# Computation of initial adjoint for NODE

I'm reading the paper Neural Ordinary Differential Equations and I have a simple question about adjoint method. When we train NODE, it uses a blackbox ODESolver to compute gradients through model parameters, hidden states, and time. It uses another quantity $$\mathbf{a}(t) = \partial L / \partial \mathbf{z}(t)$$ called adjoint, which also satisfies another ODE. As I understand, the authors build a single ODE that computes all the gradients $$\partial L / \partial \mathbf{z}(t_{0})$$ and $$\partial L / \partial \theta$$ by solving that single ODE. However, I can't understand how do we know the value $$\partial L / \partial \mathbf{z}(t_1)$$ which corresponds to the initial condition for the ODE corresponds to the adjoint. I'm using this tutorial as a reference, and it defines custom forward and backward methods for solving ODE. However, for the backward computation (especially ODEAdjoint class in the tutorial) we need to pass $$\partial L / \partial \mathbf{z}$$ for backpropagation, and this enables us to compute $$\partial L / \partial \mathbf{z}(t_i)$$ from $$\partial L / \partial \mathbf{z}(t_{i+1})$$, but we still need to know the adjoint value $$\partial L / \partial \mathbf{z}(t_N)$$. I do not understand well about how pytorch's autograd package works, and this seems to be a barrier to understand this. Could anyone explain how it operates, and where $$\partial L / \partial \mathbf{z}(t_1)$$ (or $$\partial L / \partial \mathbf{z}(t_N)$$ if this is more comfortable) comes from? Thanks in advance.

Here's my guess for the initial adjoint from simple example. Let $$d\mathbf{z}/dt = Az$$ be a 2-dim linear ODE with given $$A \in \mathbb{R}^{2\times 2}$$. If we use Euler's method as a ODE solver, then the estimate for $$z(t_1)$$ is explicitly given as $$\hat{\mathbf{z}}(t_1) = \mathrm{ODESolve}(\mathbf{z}(t_0), f, t_0, t_1, \theta))= \left(I + \frac{t_1 - t_0}{N}A\right)^{N} \mathbf{z}(t_0)$$ where $$N$$ is the number of steps for Euler's method (so that $$h = (t_1 - t_0) /N$$ is the step size). If we use MSE loss for training, then the loss will be $$L(\mathbf{z}(t_1)) = \Bigl|\Bigl| \mathbf{z}_1 - \left(I + \frac{t_1 - t_0}{N}A\right)^N\mathbf{z}(t_0)\Bigr|\Bigr|_2^2$$ where $$\mathbf{z}_1$$ is the true value at time $$t_1$$, which is $$\mathbf{z}_1 = e^{A(t_1 - t_0)}\mathbf{z}(t_0)$$. Since adjoint $$\mathbf{a}(t) = \partial L / \partial \mathbf{z}(t)$$ satisfies $$\frac{d\mathbf{a}(t)}{dt} = -\mathbf{a}(t)^{T} \frac{\partial f(\mathbf{z}(t), t, \theta)}{\partial \mathbf{z}} = \mathbf{0},$$ $$\mathbf{a}(t)$$ is constant and we get $$\mathbf{a}(t_0) = \mathbf{a}(t_1)$$. So we do not need to use augmented ODE for computing $$\mathbf{a}(t)$$. However, I still don't know what $$\mathbf{a}(t_1) = \partial L / \partial \mathbf{z}(t_1)$$ should be. If my understanding is correct, since $$L = ||\mathbf{z}_1 - \mathbf{z}(t_1)||^{2}_{2}$$, it seems that the answer might be $$\frac{\partial L}{\partial \mathbf{z}(t_1)} = 2(\mathbf{z}(t_1) - \mathbf{z}_1).$$ However, this doesn't seem to be true: if it is, and if we have multiple datapoints at $$t_1, t_2, \dots, t_N$$, then the loss is $$L = \frac{1}{N} \sum_{i=1}^{N}||\mathbf{z}_i -\mathbf{z}(t_i)||_{2}^{2}$$ and we may have $$\frac{\partial L}{\partial \mathbf{z}(t_i)} = \frac{2}{N} (\mathbf{z}(t_i) - \mathbf{z}_i),$$ which means that we don't need to solve ODE associated to $$\mathbf{a}(t)$$.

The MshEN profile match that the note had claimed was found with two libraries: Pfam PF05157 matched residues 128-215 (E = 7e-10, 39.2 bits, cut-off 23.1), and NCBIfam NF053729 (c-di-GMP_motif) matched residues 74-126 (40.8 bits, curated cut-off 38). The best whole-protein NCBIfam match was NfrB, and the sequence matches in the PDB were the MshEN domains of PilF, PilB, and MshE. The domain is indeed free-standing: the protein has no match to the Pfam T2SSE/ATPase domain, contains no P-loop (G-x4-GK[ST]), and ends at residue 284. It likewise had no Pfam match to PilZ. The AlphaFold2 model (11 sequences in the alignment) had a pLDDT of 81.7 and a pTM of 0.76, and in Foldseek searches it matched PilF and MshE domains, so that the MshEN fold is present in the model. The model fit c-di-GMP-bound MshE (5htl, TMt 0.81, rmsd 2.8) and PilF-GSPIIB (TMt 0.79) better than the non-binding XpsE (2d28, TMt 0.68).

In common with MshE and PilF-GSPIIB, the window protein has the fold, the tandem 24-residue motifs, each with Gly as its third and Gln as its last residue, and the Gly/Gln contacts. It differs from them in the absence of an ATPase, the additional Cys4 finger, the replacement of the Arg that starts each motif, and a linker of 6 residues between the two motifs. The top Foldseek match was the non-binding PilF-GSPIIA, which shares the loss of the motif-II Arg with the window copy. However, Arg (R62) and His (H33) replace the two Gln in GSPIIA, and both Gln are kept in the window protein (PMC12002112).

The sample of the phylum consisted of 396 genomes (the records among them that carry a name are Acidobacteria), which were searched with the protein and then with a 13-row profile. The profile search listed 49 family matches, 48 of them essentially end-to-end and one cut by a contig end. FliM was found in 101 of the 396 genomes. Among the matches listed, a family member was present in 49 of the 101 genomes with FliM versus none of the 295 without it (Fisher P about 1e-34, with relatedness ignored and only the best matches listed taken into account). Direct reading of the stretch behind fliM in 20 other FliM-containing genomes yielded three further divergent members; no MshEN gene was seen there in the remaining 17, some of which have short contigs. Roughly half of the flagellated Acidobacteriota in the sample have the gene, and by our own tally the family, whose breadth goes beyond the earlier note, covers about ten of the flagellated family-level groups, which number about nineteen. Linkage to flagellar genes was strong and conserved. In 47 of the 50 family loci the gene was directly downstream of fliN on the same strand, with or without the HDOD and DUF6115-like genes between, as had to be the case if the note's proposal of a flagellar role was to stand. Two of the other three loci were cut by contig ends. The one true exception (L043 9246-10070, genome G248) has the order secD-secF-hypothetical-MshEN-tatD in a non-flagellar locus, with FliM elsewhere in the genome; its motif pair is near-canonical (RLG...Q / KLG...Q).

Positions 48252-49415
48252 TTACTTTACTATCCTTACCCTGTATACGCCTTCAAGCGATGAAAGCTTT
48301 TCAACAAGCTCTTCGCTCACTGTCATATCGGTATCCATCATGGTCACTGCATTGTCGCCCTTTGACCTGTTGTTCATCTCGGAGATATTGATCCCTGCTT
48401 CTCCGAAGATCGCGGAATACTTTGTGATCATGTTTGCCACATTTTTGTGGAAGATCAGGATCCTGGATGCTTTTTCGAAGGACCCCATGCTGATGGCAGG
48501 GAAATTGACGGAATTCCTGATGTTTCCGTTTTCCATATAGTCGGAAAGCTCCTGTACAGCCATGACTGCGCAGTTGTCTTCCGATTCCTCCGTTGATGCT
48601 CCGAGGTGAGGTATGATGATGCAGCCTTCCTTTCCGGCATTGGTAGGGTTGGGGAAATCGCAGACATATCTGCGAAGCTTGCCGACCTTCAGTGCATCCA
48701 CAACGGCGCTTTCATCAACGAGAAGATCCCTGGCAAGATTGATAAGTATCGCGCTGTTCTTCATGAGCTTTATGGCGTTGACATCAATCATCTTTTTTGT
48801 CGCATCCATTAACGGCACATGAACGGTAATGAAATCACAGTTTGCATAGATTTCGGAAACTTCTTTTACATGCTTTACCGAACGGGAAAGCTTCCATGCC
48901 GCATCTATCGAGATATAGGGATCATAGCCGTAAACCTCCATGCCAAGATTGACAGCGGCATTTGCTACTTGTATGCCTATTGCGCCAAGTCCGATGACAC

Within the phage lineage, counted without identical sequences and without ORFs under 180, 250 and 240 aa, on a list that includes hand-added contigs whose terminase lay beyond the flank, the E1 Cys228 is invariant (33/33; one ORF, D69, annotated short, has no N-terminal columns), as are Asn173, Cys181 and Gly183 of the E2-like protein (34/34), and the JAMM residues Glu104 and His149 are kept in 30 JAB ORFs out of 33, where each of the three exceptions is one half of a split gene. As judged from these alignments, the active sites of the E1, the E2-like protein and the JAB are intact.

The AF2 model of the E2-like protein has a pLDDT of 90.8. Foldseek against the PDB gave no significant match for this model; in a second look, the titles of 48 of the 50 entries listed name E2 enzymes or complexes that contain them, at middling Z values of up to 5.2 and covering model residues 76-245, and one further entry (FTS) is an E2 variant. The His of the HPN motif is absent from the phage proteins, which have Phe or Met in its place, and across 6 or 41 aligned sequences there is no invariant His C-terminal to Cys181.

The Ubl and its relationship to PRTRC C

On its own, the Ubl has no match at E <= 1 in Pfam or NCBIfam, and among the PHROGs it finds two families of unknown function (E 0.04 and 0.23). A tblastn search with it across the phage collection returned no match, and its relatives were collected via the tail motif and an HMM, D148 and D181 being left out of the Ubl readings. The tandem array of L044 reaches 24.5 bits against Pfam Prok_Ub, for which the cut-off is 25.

First, a forward pass is done to obtain predictions of $$z$$, at every $$t$$. Then the adjoint state is run backward in time for every $$t$$. Which gives the learning impulse. So an initial run is done to obtain values of the dynamical system at all time points and the last of these is the initial point for the backward pass.
To be more specific with regards to the question in your initial paragraph the input of $$t_0$$ and $$t_1$$ into $$ODE\_Solve$$ are time points at which the network is evaluated. In this specific case, the first point is $$t_0$$ which should always be the case and $$t_1$$ is the last point. But you can also insert more time points for example $$N$$ time points than you input the sequence $$t_0, t_1, t_2, ..., t_N$$ into $$ODE\_Solve$$. In that case, $$t_N$$ is the last time point.
This picture also shows a lot. But in this picture, a RNN is used to generate $$z_{t_0}$$. The RNN encoder is given the time points in reversed order: $$(t_N, t_{N-1}, t_{N-2}, ..., t_0)$$.